The aim of this investigation was to study castor, canola, and sesame vegetable oils in order to evaluate their potential use as lubricants in steel mechanical components. For this purpose, densities of each oil were evaluated using the pycnometer method, as well as their dynamic viscosities through a Brookfield DV-II rotational viscometer. Both properties were evaluated at temperatures of 25, 40 and 100 °C. Additionally, viscosity indexes were determined according to ASTM D 2270. These rheological properties were used to estimate the lubrication regime considering parameters of real contact conditions in mechanical components. Friction and wear analyses were carried out to investigate the behaviour of the vegetable oil as lubricants. Such tests were carried out at room temperature on a CSM tribometer with pin-on-disk configuration by using castor, canola and sesame oils as lubricants. AISI 4140 hardened steel against AISI 100Cr6 steel pin was used as a mechanical component. From the rheological study, it was observed that canola and sesame oils behave as dilatant fluids at the evaluated temperatures, while castor oil behaves like a Newtonian fluid at 25 and 40 °C. Castor oil showed the highest density value among oils studied, but it also exhibited the lowest value of viscosity index (271). Contrarily, sesame oil was the least dense, but it exhibited the highest viscosity index (545). On the other hand, the lubrication regime study showed that by using castor oil as a lubricant in the mechanical component (4140/100Cr6), the system worked in a mixed lubrication regime while by using canola and sesame oils the system operated in boundary lubrication conditions. Finally, the kinetic friction coefficients were different for each lubricant obtaining the lowest value with castor oil while the highest value of friction coefficient was exhibited by the sesame oil lubricant.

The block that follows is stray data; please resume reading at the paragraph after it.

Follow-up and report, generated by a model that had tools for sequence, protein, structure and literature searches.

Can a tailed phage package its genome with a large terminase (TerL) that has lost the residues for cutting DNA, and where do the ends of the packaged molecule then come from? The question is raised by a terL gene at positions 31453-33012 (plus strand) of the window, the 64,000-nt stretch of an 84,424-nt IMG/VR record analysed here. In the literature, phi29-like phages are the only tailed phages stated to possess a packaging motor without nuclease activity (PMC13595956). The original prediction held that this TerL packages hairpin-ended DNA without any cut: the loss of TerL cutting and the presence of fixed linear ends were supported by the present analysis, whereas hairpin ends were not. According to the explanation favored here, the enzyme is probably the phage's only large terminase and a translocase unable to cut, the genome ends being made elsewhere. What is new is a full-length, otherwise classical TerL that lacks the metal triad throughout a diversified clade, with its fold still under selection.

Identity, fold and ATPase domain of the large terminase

The aim of this research was to investigate the influence of substrate roughness on the adhesion and tribological performance of thin TiN coatings obtained by physical vapor deposition. For that purpose, substrates of AISI H13 steel with surface finishes of 0.06, 0.28 and 0.90 μm in Ra were coated with TiN under the same coating conditions. The chemical composition of the steel, as well as that of the TiN coating, were obtained using EDS analysis. Adhesion tests were carried out following the procedure of BSi 1071-8 standard while hardness was evaluated by ASTM C 1327-03. On the other hand, dry sliding friction tests were conducted with a pin-on-disk tribometer, according to the ASTM G 99-05 standard. This study showed that the roughness of the coating increases as the substrate roughness increases. Regarding adhesion and hardness, all the samples showed an adhesion class 1 according to the standard and a hardness value of 14.51 GPa. Nevertheless, the highest substrate roughness produced the best adhesion. On the other hand, the lowest values for the friction coefficient and wear behavior were obtained by the sample with the lowest substrate roughness of 0.06 µm. In addition, it was found that friction and wear increase when the substrate roughness increases.